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Kissing Spines

My 7 year old Thoroughbred eventer was recently diagnosed with “kissing spines” in the area under the saddle. What causes kissing spines? How common is it? Does it affect certain breeds or horses that are doing certain disciplines more than others? What can I do to prevent it from getting worse? Are there any supplements I can feed my horse to make him feel better? What is the prognosis for his long-term performance and comfort? ES, Pennsylvania

Dear ES,

You’ve asked a lot of questions! Let me tackle them one at a time so you have a clear understanding of this condition and your options.

What causes “kissing spines?”

Known as “kissing spines” by horsemen and “overriding dorsal spinous processes” by veterinarians, in clearest terms the condition is spinal processes that touch or “kiss” one another at rest or in motion. The withers are an excellent example of these spinal processes, long thin bones that protrude upward from each vertebrae.

Although some cases are due to a fall or other injury, many times the conformation of the vertebrae themselves (narrow interspinal spaces) are to blame for the impingement. Spinal processes that rub together are not only painful to the horse, they create additional lesions such as bony remodeling and ligament inflammation.

How common is it? Does it affect certain breeds or horses that are doing certain disciplines more than other?

According to Jean-Marie Denoix, DVM, PhD, an expert in equine biomechanics, “kissing spines” occurs most often in young thoroughbreds or thoroughbred-crosses with short backs used primarily for jumping. Show jumpers appear to be the most commonly affected, although eventers and hunters suffer from this condition as well. Your horse falls into this category.

While some horses with “kissing spines” show clear signs of back pain, many don’t, and diagnosis can be a challenge. Other signs pointing to this condition include back stiffness, reduced jumping ability, resistance to work, change of temperament, resentment of grooming or picking up the hind feet. Horses with “kissing spines” may also be reluctant to lie down or roll.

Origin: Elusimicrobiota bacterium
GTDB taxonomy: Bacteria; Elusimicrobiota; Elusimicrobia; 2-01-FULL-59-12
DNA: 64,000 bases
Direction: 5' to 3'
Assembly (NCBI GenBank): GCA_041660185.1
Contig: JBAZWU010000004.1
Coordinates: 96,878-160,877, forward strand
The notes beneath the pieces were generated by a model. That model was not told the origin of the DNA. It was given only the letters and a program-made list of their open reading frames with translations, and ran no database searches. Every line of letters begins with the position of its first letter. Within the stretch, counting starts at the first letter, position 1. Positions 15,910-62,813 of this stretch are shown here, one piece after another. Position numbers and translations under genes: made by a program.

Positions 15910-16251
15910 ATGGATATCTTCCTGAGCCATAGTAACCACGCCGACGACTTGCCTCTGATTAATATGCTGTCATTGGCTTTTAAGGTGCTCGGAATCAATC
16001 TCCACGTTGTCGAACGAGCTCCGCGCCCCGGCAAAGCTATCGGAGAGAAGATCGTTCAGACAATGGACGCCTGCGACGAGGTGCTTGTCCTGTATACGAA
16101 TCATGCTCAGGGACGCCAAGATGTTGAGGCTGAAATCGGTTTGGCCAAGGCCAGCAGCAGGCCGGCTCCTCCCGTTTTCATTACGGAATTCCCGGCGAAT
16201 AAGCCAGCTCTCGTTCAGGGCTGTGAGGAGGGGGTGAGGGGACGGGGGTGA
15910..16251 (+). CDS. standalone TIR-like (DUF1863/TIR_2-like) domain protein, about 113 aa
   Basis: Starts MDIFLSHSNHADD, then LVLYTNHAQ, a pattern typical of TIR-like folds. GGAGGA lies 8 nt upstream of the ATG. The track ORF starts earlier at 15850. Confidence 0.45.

What can I do to prevent it from getting worse?

Once an impingement is diagnosed, rest is prescribed along with medical treatment and physical therapy. Medical treatment may include local injection of steroids into the interspinal spaces, NSAIDs such as phenylbutazone, and mesotherapy, a pain-dampening technique that stimulates the mesoderm, the middle layer of the skin. Options for physical therapy range from magnets and massage to acupuncture and chiropractic to swimming and shockwave therapy.

Exercise is gradually reintroduced through handwalking, lunging, then riding, being careful to avoid any activity that seems to be painful to the horse while building and strengthening the muscles and ligaments of the back.

Are there any supplements I can feed my horse to make him feel better?

Because “kissing spines” is a condition with pain and inflammation that involves bones, ligaments and muscles, the supplement categories that may be helpful include anti-inflammatory, joint, tendon & ligament, and muscle mass. Specifically look for ingredients that help fight inflammation in tissue such as MSM, omega 3 fatty acids, and herbs like Devil’s Claw, Boswellia, Bromelain and Yucca. Actives like Glucosamine, Chondroitin sulfate and Hyaluronic Acid; Silica and Collagen; and the amino acids Lysine and Methionine may be beneficial to healing tissues.

What is the prognosis for his long-term performance and comfort?

Although many horses do well with a combination of rest, medical management and physical therapy, the clinical signs often return. This may mean decreasing the horse’s level of performance to avoid jarring the spinal processes together or, in severe cases, performing surgery to remove one or more of the processes.